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The Health of the Herd: Considering Camelid Herding from Late Moche Peru

Author(s): Aleksa Alaica

Year: 2017

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Summary

The herding of camelids in the pre-Columbian past impacted daily and ritual life of peoples residing there. During the Late Moche period of Peru, camelid herding was a major factor in the trade and exchange of goods, people and ideas. The extent of herding and the degree of camelid breeding in the coastal desert has been understudied. This paper will discuss the patterns in camelid age profiles and pathologies to inform the extent to which camelids where traveling along the coast and into the highlands. The broad age profiles evident from detailed analysis displays a broad range of herds coming to the Late Moche site of Huaca Colorada (AD650-850). These data indicate that the long-held view that breeding of camelids was localized to the highlands needs to be revised. The osteological evidence from Huaca Colorada reveals the biological constraints imposed on Moche communities residing here and the demands of localized breeding to account for the numerous juvenile camelid burials uncovered in mortuary contexts and those uncovered in feasting middens. In the end, the varied exchange from possible highland and coastal locations shows that individuals may have been coming from long distances to visit and engage with activities at Huaca Colorada.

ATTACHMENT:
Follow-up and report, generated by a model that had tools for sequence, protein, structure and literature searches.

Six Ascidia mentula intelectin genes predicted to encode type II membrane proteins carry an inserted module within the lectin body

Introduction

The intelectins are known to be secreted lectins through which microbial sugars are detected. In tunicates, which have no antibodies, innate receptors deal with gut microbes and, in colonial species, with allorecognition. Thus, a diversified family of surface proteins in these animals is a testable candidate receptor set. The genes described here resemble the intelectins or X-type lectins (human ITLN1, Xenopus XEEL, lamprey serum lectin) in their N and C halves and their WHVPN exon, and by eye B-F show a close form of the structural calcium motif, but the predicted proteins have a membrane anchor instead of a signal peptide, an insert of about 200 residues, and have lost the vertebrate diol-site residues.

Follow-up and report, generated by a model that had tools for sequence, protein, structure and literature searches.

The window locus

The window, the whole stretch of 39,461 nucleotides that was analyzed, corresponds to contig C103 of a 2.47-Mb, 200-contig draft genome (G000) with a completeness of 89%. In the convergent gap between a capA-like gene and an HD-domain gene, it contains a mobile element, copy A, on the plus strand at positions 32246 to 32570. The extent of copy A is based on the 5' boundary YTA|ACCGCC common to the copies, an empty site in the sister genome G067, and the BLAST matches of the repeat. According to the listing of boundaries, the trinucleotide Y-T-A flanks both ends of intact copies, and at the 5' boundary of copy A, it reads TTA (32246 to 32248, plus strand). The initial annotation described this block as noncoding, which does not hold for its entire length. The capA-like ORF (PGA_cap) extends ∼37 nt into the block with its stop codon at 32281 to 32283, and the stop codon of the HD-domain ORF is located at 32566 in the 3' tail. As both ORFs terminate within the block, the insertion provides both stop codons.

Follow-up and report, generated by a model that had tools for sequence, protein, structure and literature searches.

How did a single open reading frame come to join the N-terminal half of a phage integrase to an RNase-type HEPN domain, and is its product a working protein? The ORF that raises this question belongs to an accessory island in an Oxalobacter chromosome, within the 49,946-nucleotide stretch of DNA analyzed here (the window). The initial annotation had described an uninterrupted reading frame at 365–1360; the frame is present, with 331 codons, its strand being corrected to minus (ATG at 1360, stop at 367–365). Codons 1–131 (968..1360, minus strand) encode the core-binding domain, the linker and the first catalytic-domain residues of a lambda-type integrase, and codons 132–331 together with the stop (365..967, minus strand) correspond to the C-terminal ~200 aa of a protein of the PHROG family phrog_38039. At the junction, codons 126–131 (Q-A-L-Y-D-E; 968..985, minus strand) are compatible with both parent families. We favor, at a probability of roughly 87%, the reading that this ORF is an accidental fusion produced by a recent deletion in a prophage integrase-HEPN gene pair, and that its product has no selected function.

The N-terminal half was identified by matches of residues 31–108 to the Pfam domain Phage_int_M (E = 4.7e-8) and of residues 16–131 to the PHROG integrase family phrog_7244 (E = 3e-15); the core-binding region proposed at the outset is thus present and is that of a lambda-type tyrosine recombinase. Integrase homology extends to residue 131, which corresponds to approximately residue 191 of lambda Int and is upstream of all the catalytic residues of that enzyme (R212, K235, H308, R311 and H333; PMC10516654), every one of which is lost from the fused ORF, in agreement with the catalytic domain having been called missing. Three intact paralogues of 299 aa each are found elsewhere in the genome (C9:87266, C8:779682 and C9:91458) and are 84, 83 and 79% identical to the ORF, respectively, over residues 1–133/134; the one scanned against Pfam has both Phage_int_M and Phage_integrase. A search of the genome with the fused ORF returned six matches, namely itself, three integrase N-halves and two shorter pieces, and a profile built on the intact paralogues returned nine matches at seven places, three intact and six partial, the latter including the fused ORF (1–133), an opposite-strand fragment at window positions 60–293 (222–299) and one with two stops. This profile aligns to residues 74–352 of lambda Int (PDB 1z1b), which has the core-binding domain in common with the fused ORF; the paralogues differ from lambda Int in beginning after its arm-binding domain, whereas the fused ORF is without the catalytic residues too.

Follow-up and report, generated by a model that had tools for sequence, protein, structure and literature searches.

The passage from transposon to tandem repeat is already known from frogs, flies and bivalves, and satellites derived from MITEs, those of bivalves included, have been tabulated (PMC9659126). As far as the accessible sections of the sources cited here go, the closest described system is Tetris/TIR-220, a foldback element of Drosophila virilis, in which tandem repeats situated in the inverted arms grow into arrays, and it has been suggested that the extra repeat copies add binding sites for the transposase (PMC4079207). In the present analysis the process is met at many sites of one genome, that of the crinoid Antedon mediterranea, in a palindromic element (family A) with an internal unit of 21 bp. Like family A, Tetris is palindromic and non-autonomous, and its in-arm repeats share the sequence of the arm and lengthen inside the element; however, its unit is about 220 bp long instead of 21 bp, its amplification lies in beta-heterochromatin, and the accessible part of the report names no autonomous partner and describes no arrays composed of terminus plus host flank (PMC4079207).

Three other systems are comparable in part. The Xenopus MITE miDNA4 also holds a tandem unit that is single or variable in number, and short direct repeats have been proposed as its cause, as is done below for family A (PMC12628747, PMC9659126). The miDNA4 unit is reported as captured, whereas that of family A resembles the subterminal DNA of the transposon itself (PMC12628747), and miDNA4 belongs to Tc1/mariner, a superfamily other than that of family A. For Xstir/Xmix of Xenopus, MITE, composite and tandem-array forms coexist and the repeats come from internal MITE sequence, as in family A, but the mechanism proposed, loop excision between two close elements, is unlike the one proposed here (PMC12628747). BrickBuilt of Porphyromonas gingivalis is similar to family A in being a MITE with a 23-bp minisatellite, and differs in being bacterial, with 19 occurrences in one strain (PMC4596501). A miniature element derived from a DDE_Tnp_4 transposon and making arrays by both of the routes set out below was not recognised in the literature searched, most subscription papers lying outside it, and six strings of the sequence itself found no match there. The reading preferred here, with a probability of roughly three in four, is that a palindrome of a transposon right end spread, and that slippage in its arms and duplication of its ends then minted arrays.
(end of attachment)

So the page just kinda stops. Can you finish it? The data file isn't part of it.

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The Health of the Herd: Considering Camelid Herding from Late Moche Peru. Aleksa Alaica. Presented at The 81st Annual Meeting of the Society for American Archaeology, Vancouver, British Columbia. 2017 ( tDAR id: 431637)


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Spatial Coverage

min long: -93.691; min lat: -56.945 ; max long: -31.113; max lat: 18.48 ;

Record Identifiers

Abstract Id(s): 15094

Arizona State University The Andrew W. Mellon Foundation National Science Foundation National Endowment for the Humanities Society for American Archaeology Archaeological Institute of America